Is that email from the person you think it is?

Often criminals pretend to be someone from within your company in order to trick you into transferring money or share information that they can later use in an attack.

Here’s a very simple one that arrived yesterday, apparently from the CEO’s email account:


How much are we paying in fees for our business account?

[CEO’s first name]

That’s it. No phishing link, no typos or fake graphics, and it’s using casual language, as if between people who know each other well. But a/. it’s not the kind of question that this CEO would have asked and b/. checking the actual email address indicates that it is from somewhere very odd indeed.

So what is the point of it? Probably to start a conversation in which the recipient would have revealed the name of the bank that the company does use, and possibly some other useful information to support a targeted attack. Or the attacker may even have persuaded the recipient to transfer money to “a bank account with lower fees” (otherwise known as the criminal’s bank account).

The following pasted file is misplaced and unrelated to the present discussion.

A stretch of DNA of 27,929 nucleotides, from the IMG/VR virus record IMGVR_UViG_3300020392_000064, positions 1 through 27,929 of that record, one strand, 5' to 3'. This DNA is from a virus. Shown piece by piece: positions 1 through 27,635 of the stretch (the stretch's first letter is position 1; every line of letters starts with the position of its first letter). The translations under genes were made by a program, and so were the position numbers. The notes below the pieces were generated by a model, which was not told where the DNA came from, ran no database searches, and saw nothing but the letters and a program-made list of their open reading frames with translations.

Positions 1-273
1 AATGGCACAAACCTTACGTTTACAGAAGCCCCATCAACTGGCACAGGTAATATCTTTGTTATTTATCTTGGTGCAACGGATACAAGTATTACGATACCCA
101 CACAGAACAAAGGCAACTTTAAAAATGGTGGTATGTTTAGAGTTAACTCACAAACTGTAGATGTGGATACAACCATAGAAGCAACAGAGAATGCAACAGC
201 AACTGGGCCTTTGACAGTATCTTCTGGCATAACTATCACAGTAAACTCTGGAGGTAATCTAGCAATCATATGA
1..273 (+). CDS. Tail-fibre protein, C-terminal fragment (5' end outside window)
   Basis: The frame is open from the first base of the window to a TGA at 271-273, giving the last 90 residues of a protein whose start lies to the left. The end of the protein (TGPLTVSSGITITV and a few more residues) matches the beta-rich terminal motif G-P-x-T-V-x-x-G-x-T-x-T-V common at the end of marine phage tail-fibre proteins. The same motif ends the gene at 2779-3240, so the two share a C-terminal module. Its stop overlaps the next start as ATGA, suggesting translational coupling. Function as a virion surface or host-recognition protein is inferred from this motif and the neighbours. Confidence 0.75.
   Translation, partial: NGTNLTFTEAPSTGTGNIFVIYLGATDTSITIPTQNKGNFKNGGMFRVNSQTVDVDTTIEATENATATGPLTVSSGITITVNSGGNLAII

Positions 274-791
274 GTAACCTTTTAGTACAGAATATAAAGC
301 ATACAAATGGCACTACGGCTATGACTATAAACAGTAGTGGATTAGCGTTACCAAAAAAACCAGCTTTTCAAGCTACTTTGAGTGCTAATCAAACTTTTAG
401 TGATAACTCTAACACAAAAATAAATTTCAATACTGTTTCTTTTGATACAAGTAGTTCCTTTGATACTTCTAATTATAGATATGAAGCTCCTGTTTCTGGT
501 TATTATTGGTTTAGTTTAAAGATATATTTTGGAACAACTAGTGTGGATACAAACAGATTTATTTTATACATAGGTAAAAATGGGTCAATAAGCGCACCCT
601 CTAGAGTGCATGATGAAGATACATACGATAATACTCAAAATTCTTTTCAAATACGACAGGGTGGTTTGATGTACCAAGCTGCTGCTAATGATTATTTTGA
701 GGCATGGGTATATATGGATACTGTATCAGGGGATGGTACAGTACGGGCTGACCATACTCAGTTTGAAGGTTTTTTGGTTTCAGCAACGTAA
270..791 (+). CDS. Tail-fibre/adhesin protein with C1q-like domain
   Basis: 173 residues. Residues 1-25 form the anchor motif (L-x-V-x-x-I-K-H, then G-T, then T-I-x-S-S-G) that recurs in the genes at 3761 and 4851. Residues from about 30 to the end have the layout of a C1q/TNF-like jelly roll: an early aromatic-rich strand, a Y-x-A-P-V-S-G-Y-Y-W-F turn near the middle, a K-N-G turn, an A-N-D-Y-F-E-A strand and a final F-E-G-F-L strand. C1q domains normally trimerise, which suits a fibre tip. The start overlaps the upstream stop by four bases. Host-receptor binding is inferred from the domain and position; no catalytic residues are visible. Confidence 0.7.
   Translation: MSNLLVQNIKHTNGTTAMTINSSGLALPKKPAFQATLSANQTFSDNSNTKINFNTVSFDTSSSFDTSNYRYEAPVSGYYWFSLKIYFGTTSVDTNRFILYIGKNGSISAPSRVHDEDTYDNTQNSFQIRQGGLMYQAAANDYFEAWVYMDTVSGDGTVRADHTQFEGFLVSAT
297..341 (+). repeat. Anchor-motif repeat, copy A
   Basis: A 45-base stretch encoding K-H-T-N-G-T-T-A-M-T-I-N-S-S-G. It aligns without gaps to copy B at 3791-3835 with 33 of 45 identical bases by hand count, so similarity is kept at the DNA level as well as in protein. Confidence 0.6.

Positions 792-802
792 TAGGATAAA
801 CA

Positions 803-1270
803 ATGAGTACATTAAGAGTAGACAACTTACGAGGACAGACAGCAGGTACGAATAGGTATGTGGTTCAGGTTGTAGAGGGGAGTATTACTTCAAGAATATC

In this case, the criminal hadn’t got access to the CEO’s email account, and it was easy to spot something was wrong—but this isn’t always the case. This kind of email attack is on the rise and is a threat to organisations of all sizes.

The NCSC has produced new guidance to help protect your organisation from this kind of attack, which is known as business email compromise. It’s worth taking time to check whether you have implemented their recommended steps—these attacks can be very convincing.  

If you’d like help with implementing cyber security measures in your own business, contact the Click and Protect team on 0113 733 6230, or via our contact form.